Directions:In this section, you are going to read a passage with ten statements attached to it. Each statement contains information given in one of the paragraphs. Identify the paragraph from which the information is derived. You may choose a paragraph more than once. Each paragraph is marked with a letter. Answer the questions by marking the corresponding letter on Answer Sheet 2.
Countries Rush for Upper Hand in Antarctica
A) On a glacier-filled island with fjords(峡湾)and elephant seals, Russia has built Antarctica’s first Orthodox church on a bill overlooking its research base. Less than an hour away by snowmobile. Chinese laborers have updated the Great Wall Station, a vital part of China’s plan to operate five basses on Antarctica, complete with an indoor badminton court and sleeping quarters for 150 people. Not to be outdone, India’s futuristic new Bharathi base, built on stills(桩子)using 134 interlocking shipping containers, resembles a spaceship. Turkey and Iran have announced plans to build bases, too.
B) More than a century has passed since explorers raced to plant their flags at the bottom of the world, and for decades to come this continent is supposed to be protected as a scientific preserve, shielded from intrusions like military activities and mining . But an array of countries are rushing to assert greater influence here, with an eye not just towards the day those protective treaties expire, but also for the strategic and commercial that already exist.
C) The newer players are stepping into what they view as a treasure house of resources. Some of the ventures focus on the Antarctic resources that are already up for grabs, like abundant sea life. South Korea, which operates state-of–the-art bases here, is increasing its fishing of krill(磷虾)，found in abundance in the Southern Ocean, while Russia recently frustrated efforts to create one of the world’s largest ocean sanctuaries here.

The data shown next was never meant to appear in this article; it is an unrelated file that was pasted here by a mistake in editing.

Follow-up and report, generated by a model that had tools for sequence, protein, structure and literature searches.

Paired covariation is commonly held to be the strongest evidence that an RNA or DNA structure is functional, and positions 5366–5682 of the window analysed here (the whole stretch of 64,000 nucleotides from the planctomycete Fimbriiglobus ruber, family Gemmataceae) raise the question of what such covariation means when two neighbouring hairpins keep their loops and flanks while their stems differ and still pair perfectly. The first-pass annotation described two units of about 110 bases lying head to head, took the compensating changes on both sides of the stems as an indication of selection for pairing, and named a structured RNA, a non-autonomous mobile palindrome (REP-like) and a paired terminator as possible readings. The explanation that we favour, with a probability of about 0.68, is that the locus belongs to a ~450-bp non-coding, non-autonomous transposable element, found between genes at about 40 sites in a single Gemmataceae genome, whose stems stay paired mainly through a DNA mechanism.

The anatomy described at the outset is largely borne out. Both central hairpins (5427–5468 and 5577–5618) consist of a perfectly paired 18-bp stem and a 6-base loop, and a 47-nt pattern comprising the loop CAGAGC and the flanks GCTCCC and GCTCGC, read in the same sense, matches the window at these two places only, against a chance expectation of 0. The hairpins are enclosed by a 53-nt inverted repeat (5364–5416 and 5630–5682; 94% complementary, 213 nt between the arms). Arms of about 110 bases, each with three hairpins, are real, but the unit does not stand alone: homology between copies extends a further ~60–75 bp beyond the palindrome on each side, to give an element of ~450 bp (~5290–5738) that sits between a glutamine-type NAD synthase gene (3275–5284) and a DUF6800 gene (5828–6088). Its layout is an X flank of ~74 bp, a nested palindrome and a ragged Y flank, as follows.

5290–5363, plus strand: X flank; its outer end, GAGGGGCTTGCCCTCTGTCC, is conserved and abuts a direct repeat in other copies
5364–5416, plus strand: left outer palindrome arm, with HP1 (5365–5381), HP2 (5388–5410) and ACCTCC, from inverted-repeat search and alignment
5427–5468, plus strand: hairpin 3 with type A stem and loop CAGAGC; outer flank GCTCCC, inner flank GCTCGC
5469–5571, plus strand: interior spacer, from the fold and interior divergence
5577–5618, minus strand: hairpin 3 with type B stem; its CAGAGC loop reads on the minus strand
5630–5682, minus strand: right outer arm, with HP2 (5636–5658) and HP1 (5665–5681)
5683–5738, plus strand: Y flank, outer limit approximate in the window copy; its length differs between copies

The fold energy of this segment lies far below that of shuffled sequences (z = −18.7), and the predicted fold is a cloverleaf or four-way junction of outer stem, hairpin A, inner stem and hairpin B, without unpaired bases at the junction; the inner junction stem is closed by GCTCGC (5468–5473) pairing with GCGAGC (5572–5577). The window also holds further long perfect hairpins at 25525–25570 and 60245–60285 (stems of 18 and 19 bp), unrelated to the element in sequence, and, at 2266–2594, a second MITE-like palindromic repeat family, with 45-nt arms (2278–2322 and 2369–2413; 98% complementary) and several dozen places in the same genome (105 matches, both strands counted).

D) Some scientists are examining the potential for harvesting icebergs form Antarctica, which is estimated to have the biggest reserves of fresh water on the planet. Nations are also pressing ahead with space research and satellite projects to expand their global navigation abilities.
E) Building on a Soviet-era foothold, Russia is expanding its monitoring stations for Glonass, its version of the Global Positioning System(GPS). At least three Russian stations are already operating in Antarctica, part of its effort to challenge the dominance of the American GPS, and new stations are planned for sites like the Russian base, in the shadow of the Orthodox Church of the Holy Trinity.
F) Elsewhere in Antarctica, Russian researchers boast of their recent discovery of a freshwater reserve the size of Lake Ontario after drilling through miles of solid ice. “You can see that we’re here to stay,” said Vladimir Cheberdak, 57, chief of the Bellingshausen Station, as he sipped tea under a portrait of Fabian Gottlieb von Bellingshausen, a high-ranking officer in the Imperial Russian Navy who explored the Antarctic coast in 1820.
G) Antarctica’s mineral, oil and gas wealth are a longer-term prize. The treaty banning mining here, shielding coveted(令人垂诞的)reserves of iron ore, coal and chromium, comes up for review in 2048. Researchers recently found kimberlite(金伯利岩) deposits hinting at the existence of diamonds. And while assessments vary widely, geologists estimate that Antarctica holds at least 36 billion barrels of oil and natural gas.
H) Beyond the Antarctic treaties, huge obstacles persist to tapping these resources, like drifting icebergs that could jeopardize offshore platforms. Then there is Antarctic’s remoteness, with some mineral deposits found in windswept locations on a continent that is larger the Europe and where winter temperatures hover around minus 55 degrees Celsius.
I) But advances in technology might make Antarctica a lot more accessible three decades from now. And even before then, scholars warn, the demand for resources in an energy-hungry world could raise pressure to renegotiate Antarctica’s treaties, possibly allowing more commercial endeavours here well before the prohibitions against them expire. The research stations on King George lsland offer a glimpse into the long game on this ice-blanketed continent as nations assert themselves, eroding the sway long held by countries like the United States, Britain. Australia and New Zealand.